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Concave vs. Convex

Concave and convex are most commonly used as adjectives to describe the outline or surface of a shape. The terms aren’t often used in everyday speech, but they are important for use in science and mathematics. You will most likely come across the terms convex and concave when discussing mirrors, lenses in eyeglasses or contact lenses.

What is the Difference Between Concave and Convex?

The basic difference between concave and convex are as follows:

  • Concave describes a shape that curves inwards. The sideview mirror of a car, which curves inwards, is a good example of a concave shape.
  • Convex describes a shape that curves outwards. An (American) football, which curves outwards, is a good example of a convex shape.

When to Use Concave

We most commonly use concave to describe processes linked to lenses, mirrors and reflection. A concave mirror, for example, will make you look taller due to the way light reflects back from it. Concave lenses might be used in things like telescopes, binoculars, cameras and lenses in eyeglasses. You might use concave for less scientific descriptions when describing, for example, something that curves inwards like a crater or pothole, or the stomach of a very thin person.

In some rare cases you will see concave used in a descriptive, but non-literal, sense. For example:

  • He lost so much weight around his face that his cheeks have taken on a hollow, concave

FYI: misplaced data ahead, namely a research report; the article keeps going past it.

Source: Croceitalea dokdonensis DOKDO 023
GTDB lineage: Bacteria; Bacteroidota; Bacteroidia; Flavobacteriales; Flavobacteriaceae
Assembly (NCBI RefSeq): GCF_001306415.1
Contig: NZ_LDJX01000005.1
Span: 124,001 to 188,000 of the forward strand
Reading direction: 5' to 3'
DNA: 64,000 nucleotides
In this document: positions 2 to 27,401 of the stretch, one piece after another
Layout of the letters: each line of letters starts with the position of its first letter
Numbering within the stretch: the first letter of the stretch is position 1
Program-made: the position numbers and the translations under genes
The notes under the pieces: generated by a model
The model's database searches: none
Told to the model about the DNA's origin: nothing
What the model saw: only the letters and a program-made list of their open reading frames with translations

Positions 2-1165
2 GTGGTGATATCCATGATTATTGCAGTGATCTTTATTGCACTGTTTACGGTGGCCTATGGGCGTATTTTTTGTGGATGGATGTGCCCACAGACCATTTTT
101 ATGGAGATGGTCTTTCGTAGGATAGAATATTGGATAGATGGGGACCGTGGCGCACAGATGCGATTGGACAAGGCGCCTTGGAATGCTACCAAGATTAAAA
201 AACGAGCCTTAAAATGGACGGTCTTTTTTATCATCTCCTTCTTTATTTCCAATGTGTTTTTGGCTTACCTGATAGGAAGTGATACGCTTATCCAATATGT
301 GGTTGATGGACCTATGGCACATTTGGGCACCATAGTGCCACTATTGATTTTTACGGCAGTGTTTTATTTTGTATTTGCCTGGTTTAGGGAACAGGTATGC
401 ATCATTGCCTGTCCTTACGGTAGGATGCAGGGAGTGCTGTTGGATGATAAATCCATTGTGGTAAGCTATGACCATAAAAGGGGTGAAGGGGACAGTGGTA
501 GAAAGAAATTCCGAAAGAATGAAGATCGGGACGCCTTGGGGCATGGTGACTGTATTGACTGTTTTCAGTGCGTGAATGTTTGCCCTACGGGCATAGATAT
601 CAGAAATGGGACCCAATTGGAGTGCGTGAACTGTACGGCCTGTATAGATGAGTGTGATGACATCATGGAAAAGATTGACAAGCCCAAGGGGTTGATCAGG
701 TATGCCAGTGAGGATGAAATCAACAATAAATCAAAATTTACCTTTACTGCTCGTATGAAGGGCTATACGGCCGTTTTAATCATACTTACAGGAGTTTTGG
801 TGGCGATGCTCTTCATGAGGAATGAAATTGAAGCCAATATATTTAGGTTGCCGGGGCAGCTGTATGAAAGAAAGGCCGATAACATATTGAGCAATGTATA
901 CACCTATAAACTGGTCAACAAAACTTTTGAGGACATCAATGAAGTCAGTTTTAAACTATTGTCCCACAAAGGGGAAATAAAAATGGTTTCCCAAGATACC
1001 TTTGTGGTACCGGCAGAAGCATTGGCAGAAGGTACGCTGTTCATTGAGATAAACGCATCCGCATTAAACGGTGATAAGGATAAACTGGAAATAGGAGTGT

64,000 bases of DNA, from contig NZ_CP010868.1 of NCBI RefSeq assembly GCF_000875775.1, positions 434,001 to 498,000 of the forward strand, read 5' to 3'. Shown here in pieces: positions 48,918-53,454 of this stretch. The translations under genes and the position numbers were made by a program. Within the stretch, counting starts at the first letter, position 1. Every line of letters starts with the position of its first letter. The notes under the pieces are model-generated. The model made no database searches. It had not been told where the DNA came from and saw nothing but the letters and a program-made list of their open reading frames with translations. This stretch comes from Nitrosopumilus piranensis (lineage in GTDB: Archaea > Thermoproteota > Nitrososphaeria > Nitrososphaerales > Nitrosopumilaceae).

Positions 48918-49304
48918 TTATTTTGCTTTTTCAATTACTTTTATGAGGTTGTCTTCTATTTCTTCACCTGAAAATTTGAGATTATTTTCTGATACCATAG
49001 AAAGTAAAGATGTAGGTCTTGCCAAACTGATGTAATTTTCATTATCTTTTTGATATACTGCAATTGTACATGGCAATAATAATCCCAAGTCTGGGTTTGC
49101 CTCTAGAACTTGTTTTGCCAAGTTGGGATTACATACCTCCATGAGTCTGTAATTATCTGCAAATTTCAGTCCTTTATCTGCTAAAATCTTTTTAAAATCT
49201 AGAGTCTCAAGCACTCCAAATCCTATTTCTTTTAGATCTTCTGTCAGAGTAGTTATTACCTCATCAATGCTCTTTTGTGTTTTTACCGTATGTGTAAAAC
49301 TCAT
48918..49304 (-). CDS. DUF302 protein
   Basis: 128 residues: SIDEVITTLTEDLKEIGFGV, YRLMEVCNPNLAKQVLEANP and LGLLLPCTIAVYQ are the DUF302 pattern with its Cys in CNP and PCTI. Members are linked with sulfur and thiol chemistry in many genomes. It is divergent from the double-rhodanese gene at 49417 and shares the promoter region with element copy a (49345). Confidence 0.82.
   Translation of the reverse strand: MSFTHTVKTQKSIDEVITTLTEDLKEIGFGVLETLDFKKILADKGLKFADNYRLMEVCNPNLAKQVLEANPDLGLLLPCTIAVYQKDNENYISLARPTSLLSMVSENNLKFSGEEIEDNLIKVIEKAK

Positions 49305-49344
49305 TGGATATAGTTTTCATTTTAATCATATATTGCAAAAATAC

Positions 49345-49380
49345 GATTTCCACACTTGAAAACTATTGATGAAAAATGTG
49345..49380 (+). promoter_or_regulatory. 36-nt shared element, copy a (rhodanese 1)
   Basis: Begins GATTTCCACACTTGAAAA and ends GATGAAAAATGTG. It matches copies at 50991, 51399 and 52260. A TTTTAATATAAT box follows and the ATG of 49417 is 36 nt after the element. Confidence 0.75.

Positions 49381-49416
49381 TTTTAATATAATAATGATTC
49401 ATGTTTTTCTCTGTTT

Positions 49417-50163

In the example above, concave is used in a slightly exaggerated sense, i.e. the shape we are describing might not be technically concave, but the adjective is used loosely as a synonym for thin or sunken in appearance.

Concave can be used as a noun in mathematics and geometry, i.e. it is a name for a type of shape or inwardly curved line.

When to Use Convex

As with concave, we mostly use convex to describe processes linked to lenses, mirrors and reflection. A convex mirror will make you look smaller due to the way light reflects back from it. Convex lenses might be used in microscopes, magnifying glasses and eyeglasses.

Convex is also used as a noun in in mathematics and geometry, i.e. it is a name for a type of shape or outwardly curved line.

Concave vs. Convex Examples

Here are some examples of concave and convex used in a sentence:

  • The table was not flat, but sloped outwards, slightly convex like the glass of a watch.
  • The corset made her waist look tiny, giving a concave, hour-glass shape to her body.
  • The snowballs were perfectly round, their convex form looking like they had been made with an ice cream scoop.
  • Contact lenses are concave in shape, allowing for a better, sharper image to be seen by the wearer.
  • The baby’s navel was convex, protruding outwards.
  • From our vantage point on top of the mountain, we beheld the concave sloping of the valley sweeping down towards the sea.

Tips To Remember the Difference

The most important thing to remember is that concave means curving inwards and convex means curving outwards. A good tip is to focus on the ‘cave’ part of concave. If you remember that the mouth of a cave curves inwards, then you can remember that concave means bent inwards. As convex – bent outwards – is the opposite of concave, it should be easy to remember.


Convex and concave are two words that describe a line or shape, often in mathematics, science, or in relation to eyeglasses and mirrors. While convex means to bend or protrude outwards, concave is the opposite and means to bend inwards.





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